17 August 2001
Trials show rape likes space

By Andrew Blake

OILSEED rape establishment trials, carried out by direct-drill guru Jim Bullock, have revealed the crop prefers to be drilled at a low seed rate in wide rows.

Mr Bullock, a keen advocate of direct-drilling for the past three years, has been putting various establishment techniques to the test on his Worcestershire farm

The best yield was achieved from direct drilling a low seed rate in wide rows (36cm) after double harrowing.

This method also cost the least, at just 14.80/ha, compared to the most expensive plot at 63/ha.

But he warns that crops drilled wide at a low seed rate must be sown early, so that crop competition helps smother weeds, and that slug control is essential.

In the plots, slug pellets were applied at sowing and again at emergence. “Anything less than this was most unsatisfactory,” notes Mr Bullock.

He reports that the winning plot looked quite thin through the winter, but it compensated in the spring and produced a good yield.

Emergence was initially best in disced plots, but the crop grew too thick and lodged in July, and it was expensive to keep weed-free.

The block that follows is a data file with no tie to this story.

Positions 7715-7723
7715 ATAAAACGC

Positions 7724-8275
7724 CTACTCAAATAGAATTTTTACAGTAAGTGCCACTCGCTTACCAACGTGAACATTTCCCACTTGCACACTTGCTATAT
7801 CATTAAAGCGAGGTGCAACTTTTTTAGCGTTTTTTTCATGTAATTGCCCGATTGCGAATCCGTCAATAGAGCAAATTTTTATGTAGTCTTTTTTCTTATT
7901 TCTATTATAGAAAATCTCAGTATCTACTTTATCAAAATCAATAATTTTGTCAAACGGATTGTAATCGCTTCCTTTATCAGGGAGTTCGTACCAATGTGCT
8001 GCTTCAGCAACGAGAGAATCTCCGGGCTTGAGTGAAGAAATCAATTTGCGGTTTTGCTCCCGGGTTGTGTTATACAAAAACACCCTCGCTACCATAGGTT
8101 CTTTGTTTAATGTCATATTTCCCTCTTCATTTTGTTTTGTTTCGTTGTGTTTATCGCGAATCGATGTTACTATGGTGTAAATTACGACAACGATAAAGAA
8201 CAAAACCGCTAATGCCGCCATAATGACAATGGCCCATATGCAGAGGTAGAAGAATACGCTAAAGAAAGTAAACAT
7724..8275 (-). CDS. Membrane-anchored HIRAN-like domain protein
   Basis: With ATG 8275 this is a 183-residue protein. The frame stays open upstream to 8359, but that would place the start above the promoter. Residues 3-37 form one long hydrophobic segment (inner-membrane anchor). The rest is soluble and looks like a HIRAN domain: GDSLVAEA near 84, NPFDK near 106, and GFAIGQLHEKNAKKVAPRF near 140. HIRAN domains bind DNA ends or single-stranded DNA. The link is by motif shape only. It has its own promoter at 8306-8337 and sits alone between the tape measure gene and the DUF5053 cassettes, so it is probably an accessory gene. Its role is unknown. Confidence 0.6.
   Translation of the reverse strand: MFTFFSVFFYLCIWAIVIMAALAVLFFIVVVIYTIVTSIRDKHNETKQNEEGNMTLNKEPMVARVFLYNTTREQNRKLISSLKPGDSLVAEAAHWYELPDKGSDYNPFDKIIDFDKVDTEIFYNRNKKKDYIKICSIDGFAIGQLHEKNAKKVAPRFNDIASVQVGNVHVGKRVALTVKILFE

“As there was no time to create a stale seed-bed before drilling, these plots required extra sprays to control vast numbers of wheat volunteers and later charlock.”

He says a lower seed rate would have benefited most of the plots. “The high seed rate (6kg/ha) in the wide row produced a mass of small plants along the row.”

Broadcasting produced surprisingly good results, but its risky: “Autumn 2000 was so wet the system worked well, but in a dry year it could be less reliable.”

The one-acre tramline trials were sown on 6 September and examined 10 different methods of establishment. Straw was removed on every plot bar one.

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